Is Breaking Lent Okay Or Is It A Bad Thing? (Catholic View)

Catholics, making up over 17% of the world’s population, are the main observers of Lent, though some Protestants also observe, as well as even non-religious who choose it for self-help reasons. So given the significance of this period then, is breaking Lent bad, particularly for Catholics who make up the majority of observers?

Purposefully breaking Lent is not okay for Catholics. Though technically Lent is not a commandment in the Bible, it’s a Catholic obligation. Catholics must observe Canon Law by fasting and abstaining on certain Lenten Days. As well, Catholics are obliged to pray and do penance during Lent.

As a Catholic convert family, it became really important for us to learn about Lent, particularly since it’s an ‘obligation’. In this article, I’ll share what we’ve found out and hopefully, inform your future Lenten practice, particularly as it pertains to Catholics. And if you do find that you’ve broken Lent, I’ll address how to handle that properly, too!

Is It Ok To Break Lent? 

Father Mike is a popular ‘college’ priest who works as a chaplain and youth minister to explain many Catholic traditions, practices, and beliefs such as Lent.

The 40-day period of Lent is a time for repentance and focusing on the sacrifice of Jesus on the Cross. Fasting, praying, and giving alms are the three primary practices of Lent. Much more than forgoing food, ‘fasting’ also involves giving up one or more pleasurable activities.

It is not okay to break Lent for Catholics. With few exceptions, Catholics are obliged to abstain from meat on Ash Wednesday and all Fridays of Lent; fast on Ash Wednesday and Good Friday; attend confession at least once; and pray and give alms. If Catholics break Lent on purpose, then it is a sin.

Keep in mind, this is a Catholic obligation and so observing Lent is only obliged to Catholics. Other denominations are not required to observe Lent, though many strongly encourage it.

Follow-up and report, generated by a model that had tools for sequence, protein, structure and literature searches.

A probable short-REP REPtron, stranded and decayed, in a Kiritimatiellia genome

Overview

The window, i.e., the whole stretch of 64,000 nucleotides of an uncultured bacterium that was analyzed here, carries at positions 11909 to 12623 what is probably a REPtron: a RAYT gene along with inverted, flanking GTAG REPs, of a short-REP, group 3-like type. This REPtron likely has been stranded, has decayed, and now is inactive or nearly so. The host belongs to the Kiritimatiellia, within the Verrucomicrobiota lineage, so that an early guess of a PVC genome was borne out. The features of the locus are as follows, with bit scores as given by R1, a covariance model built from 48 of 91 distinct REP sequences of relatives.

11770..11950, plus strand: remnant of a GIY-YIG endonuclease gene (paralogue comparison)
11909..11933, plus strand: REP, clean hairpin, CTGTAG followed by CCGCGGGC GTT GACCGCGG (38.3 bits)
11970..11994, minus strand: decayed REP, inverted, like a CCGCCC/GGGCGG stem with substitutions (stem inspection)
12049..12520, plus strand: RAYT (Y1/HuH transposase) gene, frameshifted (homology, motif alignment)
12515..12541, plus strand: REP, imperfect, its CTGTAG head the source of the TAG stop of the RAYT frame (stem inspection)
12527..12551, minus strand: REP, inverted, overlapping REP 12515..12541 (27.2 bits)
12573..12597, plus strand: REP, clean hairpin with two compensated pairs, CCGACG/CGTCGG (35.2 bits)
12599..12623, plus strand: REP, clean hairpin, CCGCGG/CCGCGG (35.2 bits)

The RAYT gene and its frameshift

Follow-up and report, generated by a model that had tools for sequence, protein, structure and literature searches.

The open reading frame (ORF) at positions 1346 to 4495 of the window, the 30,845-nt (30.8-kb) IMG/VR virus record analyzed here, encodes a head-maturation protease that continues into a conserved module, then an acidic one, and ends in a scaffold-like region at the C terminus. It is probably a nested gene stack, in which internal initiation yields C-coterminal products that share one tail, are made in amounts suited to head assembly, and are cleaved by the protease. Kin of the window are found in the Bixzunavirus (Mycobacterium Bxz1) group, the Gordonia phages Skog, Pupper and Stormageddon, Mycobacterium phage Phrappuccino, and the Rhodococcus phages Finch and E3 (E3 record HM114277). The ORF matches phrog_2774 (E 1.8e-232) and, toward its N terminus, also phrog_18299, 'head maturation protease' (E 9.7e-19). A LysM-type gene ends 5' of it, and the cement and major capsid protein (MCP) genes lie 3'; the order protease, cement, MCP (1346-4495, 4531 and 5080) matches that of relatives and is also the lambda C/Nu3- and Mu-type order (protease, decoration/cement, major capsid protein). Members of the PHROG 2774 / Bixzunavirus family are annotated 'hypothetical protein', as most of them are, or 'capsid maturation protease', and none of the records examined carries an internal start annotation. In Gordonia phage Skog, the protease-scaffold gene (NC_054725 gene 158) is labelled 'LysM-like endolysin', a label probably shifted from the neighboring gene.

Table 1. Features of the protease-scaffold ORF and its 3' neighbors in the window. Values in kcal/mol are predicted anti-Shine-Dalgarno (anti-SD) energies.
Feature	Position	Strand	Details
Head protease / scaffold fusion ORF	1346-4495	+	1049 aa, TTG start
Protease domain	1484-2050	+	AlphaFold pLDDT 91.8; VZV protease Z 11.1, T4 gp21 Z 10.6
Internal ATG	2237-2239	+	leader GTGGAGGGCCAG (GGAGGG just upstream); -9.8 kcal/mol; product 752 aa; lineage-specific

Although it is not a sin to break Lent for Protestants and non-religious, it is not constructive personally to do so. It is difficult to give up something that brings you pleasure and could also be a daily activity, for example, social media or internet use, so giving it up can be inconvenient. Regardless, the rewards for following through with your commitment make it worthwhile.

As well, giving up something pleasurable for awhile can make us stronger. It lets us know that we have strength to overcome obstacles in the future. This is one reason that even non-religious have turned to following Lent.

For instance, many give up pleasurable activities/foods as a way to identify with Jesus’ forty-day fast in the wilderness. It is swapping distractions for extra time to focus and reflect on the significance of Jesus’ sacrifice on the cross. You don’t have to just fast food (though as Catholics that is a requirement on Ash Wednesday and Good Friday!).

During Lent, you can fast social media, comfort foods, swearing, gossip magazines, or TV time.

To reiterate, though, breaking Lent is not okay for Catholics. Catholics should do their best to follow Lenten mandates as well as any promises they’ve made personally for alms, prayers, and fasting (besides the required fasts).

But we’re not perfect, so from time to time, we might find that even though we’re required to follow Lent as Catholics, we break it. What do we do, then?

Breaking your fast could happen by mistake, or it could be intentional and done in full conscience. It could be that you had a meal on Ash Wednesday that contained meat unknowingly. Or perhaps you ate meat after midnight on Good Friday, not realizing it was now time to abstain.

If you break Lent unknowingly, then you are not culpable. This means you are not responsible.

But it’s not a free for all to continue the action. So just because you accidentally ate meat on Friday during Lent, that doesn’t give you a valid excuse to do this every Lenten Friday, or even the rest of the day on that particular Lenten Friday.

Just start fresh from that spot!

However, as a Catholic if you break Lent knowingly, then you are indeed responsible for your actions. This means you have sinned and need to confess for it to be forgiven.